Cholinesterase Inhibitors: New Findings/New Benefits

The Durk Pearson & Sandy Shaw®
Life Extension NewsTM
Volume 8 No. 2 • April 2005

Cholinesterase Inhibitors: New Findings/New Benefits

As you know, cholinesterase inhibitors are a new class of drugs used in the treatment of Alzheimer’s disease. Cerebral-selective cholinesterase inhibitors (these work primarily in the brain, rather than equally affecting cholinesterase throughout the body) include donepezil and galantamine. Clinical trials using donepezil (presumably as a monotherapy) show Alzheimer’s patients deriving long-lasting beneficial effects, for at least two years.1

Two new studies1,2 by two independent groups using donepezil reveal exciting new effects in humans. Donepezil was chosen for the first study1 because it is the most widely used selective cerebral cholinesterase inhibitor for Alzheimer’s, with a low rate of side effects. The first study1 was a randomized, controlled study of donepezil in 24 healthy elderly males 61–70 years of age. The effects of donepezil at 5 mg/day for 4 weeks and then 10 mg/day for another 4 weeks were determined for GH release and IGF-1 levels.

The authors cite an earlier study in which the cerebral-selective cholinesterase inhibitor rivastigmine powerfully enhanced GH release in response to repeated GHRH (growth hormone-releasing hormone) pulses in healthy elderly male and female subjects. The mechanism for this potentiation is probably via the inhibition of somatostatin, a hormone that inhibits growth hormone release from the pituitary.1 One benefit of using a selective cholinesterase inhibitor to increase GH release as compared to using GH itself is (aside from the cost and inconvenience of injections) that the GH release in response to the cholinesterase inhibitor is still subject to natural regulatory mechanisms, so that the GH is released when it normally would be, only more so, whereas GH treatments cause GH effects without control mechanisms in place to limit it to physiological functionality. As a consequence, human treatment with actual GH has been fraught with side effects, such as edema, arthralgia, myalgia, and nerve-compression syndromes,1 as well as increased blood sugar levels (reduced glucose tolerance).

The authors report that “The main finding of this study was that full-dose treatment with the cerebral-selective ChEI donepezil elevated basal GH and IGF-1 to a remarkably increased level in the elderly male.” In fact, they found an increase of total serum IGF-1 of 31%, resulting in levels that are seen in males 20 years younger. The authors note the correlation of IGF-1 with lean body mass, bone mineral density, and cognitive function.1 IGF-1 is an important neuroprotective growth factor. They also note that lower IGF-1 levels are correlated with an increased risk of cardiovascular disease. On the potential downside, higher levels of IGF-1 are correlated with increased risks of certain cancers, such as prostate, breast, colorectal, and lung, but (the authors state) the associations are “modest and vary between sites.”

The second study2 examined, in 21 Alzheimer’s patients, the effects of 10 mg/day of donepezil for a month on release of inflammatory cytokines by peripheral blood mononuclear cells (PBMC), immune cells in the periphery. The important negative effects of excess inflammatory cytokines (largely released by the brain’s resident immune cells, microglia) on brain function are well established. The authors note that PBMC from Alzheimer’s patients release more amyloid precursor protein (APP) as compared to normal individuals; hence, they suggest that PBMC could be a circulating factory of APP that can deliver abnormal amyloid for deposition in the brain and peripheral tissues. In fact, inflammatory cytokines have been shown to increase APP expression in Alzheimer’s.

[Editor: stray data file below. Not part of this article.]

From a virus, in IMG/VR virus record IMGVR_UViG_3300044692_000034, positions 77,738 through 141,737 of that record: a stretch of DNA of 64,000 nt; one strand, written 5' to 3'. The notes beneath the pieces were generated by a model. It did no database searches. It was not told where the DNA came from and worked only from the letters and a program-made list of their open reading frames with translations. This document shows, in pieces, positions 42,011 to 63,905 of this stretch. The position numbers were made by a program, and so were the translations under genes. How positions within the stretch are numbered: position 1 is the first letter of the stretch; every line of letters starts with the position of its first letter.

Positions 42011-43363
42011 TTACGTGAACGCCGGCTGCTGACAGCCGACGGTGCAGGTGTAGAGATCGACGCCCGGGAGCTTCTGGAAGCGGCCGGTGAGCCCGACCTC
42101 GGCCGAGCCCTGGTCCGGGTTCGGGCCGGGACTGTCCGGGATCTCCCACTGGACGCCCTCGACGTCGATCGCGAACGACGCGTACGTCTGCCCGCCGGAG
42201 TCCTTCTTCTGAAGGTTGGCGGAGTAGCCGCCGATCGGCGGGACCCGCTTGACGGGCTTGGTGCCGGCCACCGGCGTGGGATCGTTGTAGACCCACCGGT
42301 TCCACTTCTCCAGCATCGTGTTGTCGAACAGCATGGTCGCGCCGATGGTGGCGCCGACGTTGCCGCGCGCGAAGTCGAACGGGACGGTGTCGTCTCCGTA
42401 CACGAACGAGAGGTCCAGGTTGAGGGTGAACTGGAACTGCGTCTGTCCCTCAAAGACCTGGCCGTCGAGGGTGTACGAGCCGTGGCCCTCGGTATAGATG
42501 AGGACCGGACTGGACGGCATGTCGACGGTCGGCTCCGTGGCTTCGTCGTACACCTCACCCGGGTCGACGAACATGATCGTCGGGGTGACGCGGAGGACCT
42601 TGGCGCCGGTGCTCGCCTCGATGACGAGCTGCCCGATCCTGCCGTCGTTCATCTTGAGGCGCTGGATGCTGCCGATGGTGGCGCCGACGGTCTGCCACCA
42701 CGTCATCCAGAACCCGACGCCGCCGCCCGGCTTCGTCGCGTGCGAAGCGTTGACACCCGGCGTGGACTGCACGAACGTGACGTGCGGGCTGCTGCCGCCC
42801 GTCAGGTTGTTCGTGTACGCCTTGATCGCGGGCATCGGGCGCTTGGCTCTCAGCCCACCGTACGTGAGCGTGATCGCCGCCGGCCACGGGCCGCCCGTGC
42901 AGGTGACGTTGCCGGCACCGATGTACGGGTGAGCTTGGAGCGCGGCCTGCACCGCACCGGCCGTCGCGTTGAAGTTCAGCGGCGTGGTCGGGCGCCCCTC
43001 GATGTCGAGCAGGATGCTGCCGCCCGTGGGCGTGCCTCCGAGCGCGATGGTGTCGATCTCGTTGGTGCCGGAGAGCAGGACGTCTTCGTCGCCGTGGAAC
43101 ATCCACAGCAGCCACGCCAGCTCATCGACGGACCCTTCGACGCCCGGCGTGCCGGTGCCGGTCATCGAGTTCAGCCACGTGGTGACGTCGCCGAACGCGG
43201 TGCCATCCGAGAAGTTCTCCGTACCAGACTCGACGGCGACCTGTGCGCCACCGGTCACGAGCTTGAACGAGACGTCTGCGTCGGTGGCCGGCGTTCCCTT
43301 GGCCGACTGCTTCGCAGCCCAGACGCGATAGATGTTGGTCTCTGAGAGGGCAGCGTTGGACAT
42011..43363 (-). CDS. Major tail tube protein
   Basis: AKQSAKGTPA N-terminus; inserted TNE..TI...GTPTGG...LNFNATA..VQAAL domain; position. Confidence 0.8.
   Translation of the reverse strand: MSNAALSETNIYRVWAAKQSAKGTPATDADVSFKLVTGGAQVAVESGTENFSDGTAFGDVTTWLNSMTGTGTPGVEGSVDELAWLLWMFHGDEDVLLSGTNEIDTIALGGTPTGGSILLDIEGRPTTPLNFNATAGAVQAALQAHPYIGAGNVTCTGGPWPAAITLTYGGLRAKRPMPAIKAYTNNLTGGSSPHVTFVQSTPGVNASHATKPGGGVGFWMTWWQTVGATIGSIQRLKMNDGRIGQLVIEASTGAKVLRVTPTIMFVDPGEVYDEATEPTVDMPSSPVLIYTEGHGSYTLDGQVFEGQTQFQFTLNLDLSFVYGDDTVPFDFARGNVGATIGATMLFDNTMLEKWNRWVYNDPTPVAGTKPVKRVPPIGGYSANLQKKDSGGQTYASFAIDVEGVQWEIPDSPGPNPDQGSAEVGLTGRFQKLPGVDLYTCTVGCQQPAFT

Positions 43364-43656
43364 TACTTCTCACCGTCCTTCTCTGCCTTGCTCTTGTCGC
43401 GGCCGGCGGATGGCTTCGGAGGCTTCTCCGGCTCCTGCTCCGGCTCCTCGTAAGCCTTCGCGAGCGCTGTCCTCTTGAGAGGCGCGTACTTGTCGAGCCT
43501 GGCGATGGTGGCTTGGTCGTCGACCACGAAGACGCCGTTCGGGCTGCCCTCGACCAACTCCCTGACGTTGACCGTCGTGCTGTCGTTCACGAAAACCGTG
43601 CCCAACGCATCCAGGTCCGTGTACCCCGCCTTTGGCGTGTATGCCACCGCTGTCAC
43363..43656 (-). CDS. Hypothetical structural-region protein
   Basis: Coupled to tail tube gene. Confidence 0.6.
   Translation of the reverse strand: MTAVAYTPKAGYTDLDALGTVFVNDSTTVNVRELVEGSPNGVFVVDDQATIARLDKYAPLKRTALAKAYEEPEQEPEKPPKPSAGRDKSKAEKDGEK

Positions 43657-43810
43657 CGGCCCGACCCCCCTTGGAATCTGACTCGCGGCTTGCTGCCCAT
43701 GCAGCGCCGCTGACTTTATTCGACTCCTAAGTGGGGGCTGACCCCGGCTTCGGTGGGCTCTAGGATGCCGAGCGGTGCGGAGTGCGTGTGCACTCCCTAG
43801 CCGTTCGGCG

One of the interesting effects of acetylcholine is that, acting through the vagus nerve, it acts as an anti-inflammatory.3 Hence we have long thought that it would help to reduce inflammatory processes by increasing cholinergic activity through a choline and vitamin B5 (required to convert choline to acetylcholine) supplement. Now we also take our galantamine supplement to increase acetylcholine further.

The results showed that the unstimulated PBMC of Alzheimer’s subjects in the study spontaneously produced higher amounts of the inflammatory cytokines IL-6 and IL-1beta, as well as more OSM (oncostatin-M), which has both pro-inflammatory and anti-inflammatory effects. The authors note that this means the patients’ PBMC were already partially activated, although unstimulated. The effects of the 1-month treatment with 10 mg/day of donepezil showed that both unstimulated (spontaneous) and PHA-stimulated PBMC in all subjects released lower levels of OSM, IL-1beta (57% reduction in spontaneous, 54% in stimulated conditions), and IL-6. The results indicate that, although Alzheimer’s is considered a brain disorder, it also has peripheral effects, in this case an increase in pro-inflammatory immune activity. Since increased inflammation promotes a variety of age-associated diseases, such as cancer, cardiovascular disease, and neurodegenerative diseases, a decrease in inflammation through increased acetylcholine could be a major health benefit of selective cerebral cholinesterase inhibitors.


  1. Obermayr et al. The age-related down-regulation of the growth hormone/insulin-like growth factor-1 axis in the elderly male is reversed considerably by donepezil, a drug for Alzheimer’s disease. Exp Gerontol 40:157-63 (2005).
  2. Reale et al. Acetylcholinesterase inhibitors effects on oncostatin-M, interleukin-1beta, and interleukin-6 release from lymphocytes of Alzheimer’s disease patients. Exp Gerontol 40:165-71 (2005).
  3. Borovikova et al. Vagus nerve stimulation attenuates the systemic inflammatory response to endotoxin. Nature 405:458-62 (2000).

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